Welcome to new Toodyay Historical Society website


The Town 0f Toodyay 

Toodyay is on the Avon River, 85 km northeast of Perth, in Western Australia. It was one of the earliest inland settlements in the state.

The first Toodyay township was on the site of today's West Toodyay.

 

 

 

 

 

 

 

 

 

 

 

 

 

We acknowledge the Ballardong people of the Noongar Nation as the  traditional owners in the area. They gave Toodyay its name, which may mean a place of plenty or a place of mist. 

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Toodyay Historical Society 

The Toodyay Historical Society, established in 1980, is a knowledgeable, friendly and active organisation within the town.

Members meet monthly and also hold regular activities including excursions, dinners and lectures.

 The Society has a substantial library of publications relating to Toodyay and a growing collection of historical photographs. Members have produced a significant body of oral histories and a number of small publications relating to aspects of the town's history. 

Experienced members provide assistance to researchers, Toodyay businesses and local organisations in their historical research. 

 

Postal Address: 
PO Box 32, Toodyay, WA 6566
Meetings:
Drummond House,108B Stirling Terrace
Research Centre: 
Donegan's Cottage, Toodyay Showgrounds 

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Drummond House, adjoining Bendigo Bank

Meetings:

7pm, third Wednesday of month (not December).

Also open for book sales, general information & submitting enquiries: 10am-12 noon Saturdays.

 

 

Donegan's Cottage Research Centre

Toodyay Showgrounds 

Toodyay West Rd  Toodyay WA 6566

Opening Hours:  

Thursdays 1-3pm

 (Other times by appointment)

 Driving to Donegan's Cottage: See Map below
Follow Stirling Terrace, cross Newcastle Bridge and take the first street on the left, Toodyay West Road.

 

 

 
                     

   Toodyay: a brief history

Toodyay is situated on the Avon River, 85 kilometres northeast of Perth, Western Australia. It was one of the earliest inland settlements in Western Australia. The first township was on the site of today's West Toodyay.

We acknowledge the Ballardong people of the Noongar Nation as the traditional owners in the area. They gave Toodyay its name, which may mean a place of plenty or a place of mist

From 1860, government and business activity was centred on the new townsite of Newcastle, several kilometres upstream. Newcastle's name was officially changed to Toodyay in 1910. The earlier site of Toodyay was renamed West Toodyay.

 The area's history since white settlement has included farming, timber milling, sandalwood cutting, a Convict Hiring Depot, an Immigrant Depot, a gold-rush, tannin factory and historical tourism.

The area remains a 'place of plenty' today, with a busy town, a vigorous farming community and a significant 'tree-change' population. The town features a rich collection of historical buildings.

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Last chance visit to St Aloysius Convent  Buildings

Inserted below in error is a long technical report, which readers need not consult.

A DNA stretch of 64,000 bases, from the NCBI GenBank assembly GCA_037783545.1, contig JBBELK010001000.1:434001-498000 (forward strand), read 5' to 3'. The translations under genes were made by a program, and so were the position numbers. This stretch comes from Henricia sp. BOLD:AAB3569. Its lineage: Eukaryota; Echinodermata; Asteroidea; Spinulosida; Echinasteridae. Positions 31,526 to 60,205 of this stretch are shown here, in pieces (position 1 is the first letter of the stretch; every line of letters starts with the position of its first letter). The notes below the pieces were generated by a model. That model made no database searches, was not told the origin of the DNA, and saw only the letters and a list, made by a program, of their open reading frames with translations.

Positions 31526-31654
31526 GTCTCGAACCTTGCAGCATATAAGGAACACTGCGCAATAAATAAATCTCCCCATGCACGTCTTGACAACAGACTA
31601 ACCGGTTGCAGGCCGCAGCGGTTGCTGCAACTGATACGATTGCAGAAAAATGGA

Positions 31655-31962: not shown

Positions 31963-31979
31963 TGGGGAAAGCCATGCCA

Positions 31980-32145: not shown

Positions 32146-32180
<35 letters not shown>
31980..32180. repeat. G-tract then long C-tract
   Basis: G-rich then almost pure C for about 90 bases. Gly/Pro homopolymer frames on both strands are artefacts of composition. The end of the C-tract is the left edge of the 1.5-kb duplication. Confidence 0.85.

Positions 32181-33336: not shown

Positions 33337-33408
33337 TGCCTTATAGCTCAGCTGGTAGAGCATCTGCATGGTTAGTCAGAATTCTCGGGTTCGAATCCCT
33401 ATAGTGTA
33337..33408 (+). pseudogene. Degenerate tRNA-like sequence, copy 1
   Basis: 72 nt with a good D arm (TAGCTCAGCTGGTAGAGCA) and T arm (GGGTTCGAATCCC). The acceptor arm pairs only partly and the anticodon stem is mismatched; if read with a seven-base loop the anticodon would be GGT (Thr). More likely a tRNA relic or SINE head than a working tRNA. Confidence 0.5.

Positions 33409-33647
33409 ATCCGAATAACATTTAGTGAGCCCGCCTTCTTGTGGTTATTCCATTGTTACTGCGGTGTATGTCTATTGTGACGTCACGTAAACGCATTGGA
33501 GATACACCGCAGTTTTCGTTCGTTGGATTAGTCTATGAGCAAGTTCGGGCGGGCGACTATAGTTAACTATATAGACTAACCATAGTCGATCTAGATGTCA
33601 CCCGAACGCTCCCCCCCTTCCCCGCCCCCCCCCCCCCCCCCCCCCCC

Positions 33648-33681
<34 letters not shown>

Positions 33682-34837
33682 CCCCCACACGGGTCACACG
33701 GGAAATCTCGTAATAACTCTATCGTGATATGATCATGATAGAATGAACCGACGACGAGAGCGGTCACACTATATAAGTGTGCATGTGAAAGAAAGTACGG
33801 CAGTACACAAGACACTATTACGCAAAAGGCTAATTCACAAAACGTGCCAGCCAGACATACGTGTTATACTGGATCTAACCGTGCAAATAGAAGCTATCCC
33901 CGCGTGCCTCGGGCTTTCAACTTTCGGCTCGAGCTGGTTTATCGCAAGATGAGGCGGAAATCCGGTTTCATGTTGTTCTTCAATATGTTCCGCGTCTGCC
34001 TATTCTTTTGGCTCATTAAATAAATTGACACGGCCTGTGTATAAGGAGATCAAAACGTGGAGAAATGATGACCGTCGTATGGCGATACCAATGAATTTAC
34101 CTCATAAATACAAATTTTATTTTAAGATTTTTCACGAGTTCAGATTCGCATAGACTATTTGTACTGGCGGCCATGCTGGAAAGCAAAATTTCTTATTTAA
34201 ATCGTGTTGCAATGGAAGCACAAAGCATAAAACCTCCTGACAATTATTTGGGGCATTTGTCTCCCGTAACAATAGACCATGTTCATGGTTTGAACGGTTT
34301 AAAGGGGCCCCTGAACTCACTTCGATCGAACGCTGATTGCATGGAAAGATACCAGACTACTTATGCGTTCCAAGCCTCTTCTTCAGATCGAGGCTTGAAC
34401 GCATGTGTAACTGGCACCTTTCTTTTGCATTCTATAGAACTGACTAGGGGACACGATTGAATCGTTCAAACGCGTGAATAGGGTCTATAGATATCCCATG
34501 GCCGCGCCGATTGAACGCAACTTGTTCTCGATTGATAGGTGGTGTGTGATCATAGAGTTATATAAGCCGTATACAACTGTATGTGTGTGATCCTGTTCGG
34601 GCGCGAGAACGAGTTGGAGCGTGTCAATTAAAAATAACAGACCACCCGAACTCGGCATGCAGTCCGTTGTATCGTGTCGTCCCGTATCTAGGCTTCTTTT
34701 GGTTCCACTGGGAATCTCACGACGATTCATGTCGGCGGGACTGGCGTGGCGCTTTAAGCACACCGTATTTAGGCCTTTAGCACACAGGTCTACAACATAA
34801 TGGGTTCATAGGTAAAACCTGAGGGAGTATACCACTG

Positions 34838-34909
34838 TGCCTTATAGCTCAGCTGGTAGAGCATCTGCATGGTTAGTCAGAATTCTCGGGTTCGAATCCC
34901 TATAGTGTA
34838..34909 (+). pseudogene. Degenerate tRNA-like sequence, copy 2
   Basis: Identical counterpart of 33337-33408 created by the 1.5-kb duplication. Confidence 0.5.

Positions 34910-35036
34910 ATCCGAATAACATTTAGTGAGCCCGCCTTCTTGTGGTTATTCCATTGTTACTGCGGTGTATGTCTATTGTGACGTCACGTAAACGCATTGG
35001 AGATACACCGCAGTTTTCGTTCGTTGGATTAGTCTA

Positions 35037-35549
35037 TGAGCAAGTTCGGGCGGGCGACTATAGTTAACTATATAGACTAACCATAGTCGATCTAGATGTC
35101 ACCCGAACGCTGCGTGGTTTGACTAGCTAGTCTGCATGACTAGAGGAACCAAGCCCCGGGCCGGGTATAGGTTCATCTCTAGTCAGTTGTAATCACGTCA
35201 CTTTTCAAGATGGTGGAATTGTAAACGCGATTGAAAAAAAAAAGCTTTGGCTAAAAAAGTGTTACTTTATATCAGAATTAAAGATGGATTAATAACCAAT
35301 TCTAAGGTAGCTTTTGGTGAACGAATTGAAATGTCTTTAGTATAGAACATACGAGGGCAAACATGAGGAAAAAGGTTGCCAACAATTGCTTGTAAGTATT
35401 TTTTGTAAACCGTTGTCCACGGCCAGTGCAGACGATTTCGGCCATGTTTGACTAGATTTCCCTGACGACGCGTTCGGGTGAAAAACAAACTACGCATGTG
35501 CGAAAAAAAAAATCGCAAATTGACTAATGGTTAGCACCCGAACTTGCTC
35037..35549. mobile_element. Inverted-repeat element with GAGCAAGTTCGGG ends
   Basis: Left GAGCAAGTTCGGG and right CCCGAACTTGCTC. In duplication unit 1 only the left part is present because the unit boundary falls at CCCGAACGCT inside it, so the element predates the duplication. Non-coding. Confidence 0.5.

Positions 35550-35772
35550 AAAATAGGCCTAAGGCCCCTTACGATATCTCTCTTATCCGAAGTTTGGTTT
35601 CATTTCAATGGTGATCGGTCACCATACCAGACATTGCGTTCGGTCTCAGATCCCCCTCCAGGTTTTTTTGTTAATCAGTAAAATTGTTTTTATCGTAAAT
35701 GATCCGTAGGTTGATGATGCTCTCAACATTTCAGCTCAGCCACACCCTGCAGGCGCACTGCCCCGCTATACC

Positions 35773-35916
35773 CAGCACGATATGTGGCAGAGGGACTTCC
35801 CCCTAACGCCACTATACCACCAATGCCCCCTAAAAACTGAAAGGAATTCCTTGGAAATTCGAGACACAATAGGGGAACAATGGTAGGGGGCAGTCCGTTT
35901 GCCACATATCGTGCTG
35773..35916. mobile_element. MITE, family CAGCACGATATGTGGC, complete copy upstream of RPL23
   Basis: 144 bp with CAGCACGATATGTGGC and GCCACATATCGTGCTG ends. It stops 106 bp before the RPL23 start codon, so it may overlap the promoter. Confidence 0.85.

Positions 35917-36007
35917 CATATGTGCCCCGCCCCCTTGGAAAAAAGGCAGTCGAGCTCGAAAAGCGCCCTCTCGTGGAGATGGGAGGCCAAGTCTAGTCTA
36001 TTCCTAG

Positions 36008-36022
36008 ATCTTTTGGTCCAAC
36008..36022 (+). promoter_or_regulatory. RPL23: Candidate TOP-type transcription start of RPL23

On a baking hot day in November 2019, large crowds took the opportunity to pay a final visit to these historic buildings when an Open Day was held at the site, prior to the planned subdivision and sale of the individual buildings.

Image from J Mensforth Collection,Toodyay Historical Society Inc.
 

The Toodyay Historical Society's fascinating slideshow of the historic site over the years supplemented an amazing display of photographs and memorabilia assembled by the organisers.

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Newgain Granary

Historical Society visit 2019

Iconic Ringa Bridge 

 THS Visit 

 

From our archives:

 

Special Report! Documenting the 2009 Toodyay Bushfire

 Click Here

 

 


Coming Events

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2020
Upcoming Events 
 
February 2020

2020 Programme Planning Meeting  

Drummond House, 2nd Feb, 2pm-4pm. Please bring a plate for social afternoon tea following.

Monthly Meeting: 7pm Wed 19 February 

Drummond House,          103 Stirling Terrace, Toodyay

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 THS Snapshots  

Previous years
Some of our fabulous events
 
Historic Connor's Mill
THS members enjoying Beth's lively stories of  the Connor's Mill building during its period as the Powerhouse generating Toodyay's  electricity in the first half of the 20th Century.  

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The Edison Phonograph returns to Toodyay
Richard Rennie entertained a capacity crowd in the Toodyay Library, speaking on Professor Archibald's remarkable demonstration of the Edison Phonograph in the Newcastle  Mechanics' Institute on Sept 3 1891. Richard also demonstrated a genuine cylinder being played on an Edison Phonograph.
 
 
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E.L. Mitchell: the photographer who shaped Australia

Joanna Sassoon, special guest at our AGM in April, gave a fascinating talk on her recent book about E.L.Mitchell, the boy from Yorkshire who became a commercial photographer, much in demand. 
Mitchell moved to W.A. in the late 19th and early 20th centuries. His work was often published in Western Mail features and the Battye Library holds large numbers of his works, which have tremendous value now for historians.
He was a superb photographer. Toodyay Historical Society has obtained copies of 19 wonderful images of Toodyay and surrounds, c.1920, believed to be the work of Mitchell.
These included iconic local buildings such as  Masonic Lodge, Gaol and St Stephen's,St Philip's Church and rare shots of what were probably Yock Lunn's orchard and  Coondle School.

 

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